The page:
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Olbers' paradox

(dark night sky paradox)
(argument using the dark of the sky regarding the nature of the universe)

Olbers' paradox is an observation regarding the darkness of the night sky, specifically, that if there were stars in every possible direction, as could be imagined in a universe that is infinitely large, with an infinite number of randomly-distributed stars (and infinitely old so the light could reach us), the night sky would not be dark: it would all be bright. The fact that the night sky is dark is taken as evidence of limits on the size and/or age of the universe and/or the number of stars: something has been changing, and the universe must be dynamic in some way.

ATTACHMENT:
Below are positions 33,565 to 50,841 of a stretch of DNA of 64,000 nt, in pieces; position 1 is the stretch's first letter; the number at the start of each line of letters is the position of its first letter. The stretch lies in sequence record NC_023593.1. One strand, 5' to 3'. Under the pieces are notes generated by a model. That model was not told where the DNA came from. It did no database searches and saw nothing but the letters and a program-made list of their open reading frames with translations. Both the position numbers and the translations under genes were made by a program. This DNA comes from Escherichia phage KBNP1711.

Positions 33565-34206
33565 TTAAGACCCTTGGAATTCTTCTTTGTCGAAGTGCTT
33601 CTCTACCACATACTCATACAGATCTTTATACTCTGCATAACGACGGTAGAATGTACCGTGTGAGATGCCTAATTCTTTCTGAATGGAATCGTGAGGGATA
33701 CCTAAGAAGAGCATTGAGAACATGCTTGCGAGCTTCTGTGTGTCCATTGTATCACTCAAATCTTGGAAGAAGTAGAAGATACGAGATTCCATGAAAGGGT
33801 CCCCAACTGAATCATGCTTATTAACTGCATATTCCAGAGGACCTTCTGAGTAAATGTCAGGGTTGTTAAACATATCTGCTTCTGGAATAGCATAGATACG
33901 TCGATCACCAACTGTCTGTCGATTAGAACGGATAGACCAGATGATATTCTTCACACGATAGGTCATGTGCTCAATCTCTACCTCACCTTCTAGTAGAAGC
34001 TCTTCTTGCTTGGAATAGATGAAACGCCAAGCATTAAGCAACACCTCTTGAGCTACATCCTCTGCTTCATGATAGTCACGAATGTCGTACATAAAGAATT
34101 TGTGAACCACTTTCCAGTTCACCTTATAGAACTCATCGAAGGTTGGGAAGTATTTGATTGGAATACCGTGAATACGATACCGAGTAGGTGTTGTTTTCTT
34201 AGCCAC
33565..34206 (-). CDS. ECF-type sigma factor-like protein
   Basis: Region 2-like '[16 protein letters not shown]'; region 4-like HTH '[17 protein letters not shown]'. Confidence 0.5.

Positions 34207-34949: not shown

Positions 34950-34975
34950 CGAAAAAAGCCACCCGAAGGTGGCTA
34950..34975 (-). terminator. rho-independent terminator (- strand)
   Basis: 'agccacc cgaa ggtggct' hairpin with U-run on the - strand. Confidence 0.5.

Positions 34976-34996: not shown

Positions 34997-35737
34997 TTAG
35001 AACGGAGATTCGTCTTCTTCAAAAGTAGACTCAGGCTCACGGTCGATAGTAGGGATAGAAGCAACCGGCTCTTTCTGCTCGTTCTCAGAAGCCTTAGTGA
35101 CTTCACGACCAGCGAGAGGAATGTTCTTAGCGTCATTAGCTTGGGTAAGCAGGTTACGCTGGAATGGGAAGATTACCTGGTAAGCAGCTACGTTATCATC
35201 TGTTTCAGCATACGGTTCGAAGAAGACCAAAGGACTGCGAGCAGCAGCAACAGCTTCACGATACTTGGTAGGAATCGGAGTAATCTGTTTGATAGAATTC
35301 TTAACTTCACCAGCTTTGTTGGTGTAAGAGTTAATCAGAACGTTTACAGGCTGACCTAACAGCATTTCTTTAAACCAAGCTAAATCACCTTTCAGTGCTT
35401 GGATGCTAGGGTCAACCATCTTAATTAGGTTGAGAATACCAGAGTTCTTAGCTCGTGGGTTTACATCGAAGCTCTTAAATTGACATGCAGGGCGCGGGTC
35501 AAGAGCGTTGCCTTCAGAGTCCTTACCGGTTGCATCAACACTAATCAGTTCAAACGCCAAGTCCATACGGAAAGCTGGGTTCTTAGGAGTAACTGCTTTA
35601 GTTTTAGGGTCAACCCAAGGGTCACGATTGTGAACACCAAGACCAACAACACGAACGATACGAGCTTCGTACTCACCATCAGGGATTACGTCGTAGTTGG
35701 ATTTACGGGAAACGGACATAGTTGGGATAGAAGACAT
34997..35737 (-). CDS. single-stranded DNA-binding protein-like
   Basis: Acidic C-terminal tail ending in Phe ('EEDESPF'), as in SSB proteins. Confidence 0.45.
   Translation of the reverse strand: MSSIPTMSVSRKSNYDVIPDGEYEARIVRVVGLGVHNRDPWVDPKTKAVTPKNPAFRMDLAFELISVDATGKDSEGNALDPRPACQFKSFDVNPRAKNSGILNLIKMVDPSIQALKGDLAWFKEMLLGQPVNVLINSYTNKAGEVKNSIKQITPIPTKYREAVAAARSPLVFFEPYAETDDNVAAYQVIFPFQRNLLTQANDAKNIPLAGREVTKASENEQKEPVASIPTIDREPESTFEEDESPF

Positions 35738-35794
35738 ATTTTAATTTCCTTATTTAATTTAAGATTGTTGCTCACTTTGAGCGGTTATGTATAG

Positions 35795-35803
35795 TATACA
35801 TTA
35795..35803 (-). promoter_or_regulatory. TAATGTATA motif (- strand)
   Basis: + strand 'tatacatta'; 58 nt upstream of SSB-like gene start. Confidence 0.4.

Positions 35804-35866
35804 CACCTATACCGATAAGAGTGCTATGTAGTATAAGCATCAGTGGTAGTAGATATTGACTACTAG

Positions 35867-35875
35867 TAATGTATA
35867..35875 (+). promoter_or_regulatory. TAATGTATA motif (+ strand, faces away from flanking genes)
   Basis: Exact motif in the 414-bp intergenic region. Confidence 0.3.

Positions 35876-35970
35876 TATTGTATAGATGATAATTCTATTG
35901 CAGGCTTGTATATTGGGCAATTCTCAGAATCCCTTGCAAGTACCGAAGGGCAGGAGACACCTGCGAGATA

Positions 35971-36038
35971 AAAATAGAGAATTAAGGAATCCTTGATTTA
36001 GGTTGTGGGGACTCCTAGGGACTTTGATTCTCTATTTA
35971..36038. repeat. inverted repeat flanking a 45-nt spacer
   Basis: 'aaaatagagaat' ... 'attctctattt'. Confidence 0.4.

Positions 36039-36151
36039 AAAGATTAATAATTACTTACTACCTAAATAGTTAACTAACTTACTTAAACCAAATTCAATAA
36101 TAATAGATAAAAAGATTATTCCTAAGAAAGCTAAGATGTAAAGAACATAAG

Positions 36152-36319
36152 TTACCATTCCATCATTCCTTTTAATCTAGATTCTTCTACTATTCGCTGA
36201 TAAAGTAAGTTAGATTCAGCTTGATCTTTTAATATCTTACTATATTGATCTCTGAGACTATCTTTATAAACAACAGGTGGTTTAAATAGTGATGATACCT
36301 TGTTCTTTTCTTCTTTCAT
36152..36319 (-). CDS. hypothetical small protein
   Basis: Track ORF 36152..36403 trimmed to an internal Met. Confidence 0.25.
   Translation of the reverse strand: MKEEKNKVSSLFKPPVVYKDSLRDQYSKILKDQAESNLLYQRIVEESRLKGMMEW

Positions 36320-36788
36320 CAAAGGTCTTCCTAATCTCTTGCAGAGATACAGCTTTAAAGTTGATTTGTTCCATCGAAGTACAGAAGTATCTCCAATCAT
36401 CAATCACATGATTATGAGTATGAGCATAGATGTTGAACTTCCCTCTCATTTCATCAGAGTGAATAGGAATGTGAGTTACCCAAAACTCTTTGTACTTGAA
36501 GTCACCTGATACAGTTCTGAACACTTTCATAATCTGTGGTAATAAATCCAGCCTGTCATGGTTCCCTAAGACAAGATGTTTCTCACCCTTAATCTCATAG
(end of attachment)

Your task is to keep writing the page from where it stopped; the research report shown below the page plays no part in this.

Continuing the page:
The "paradox" is named for Heinrich Wilhelm Olbers, an early writer on the conception.


(sky,cosmology)
http://en.wikipedia.org/wiki/Olbers'_paradox
http://hyperphysics.phy-astr.gsu.edu/hbase/Astro/olbers.html

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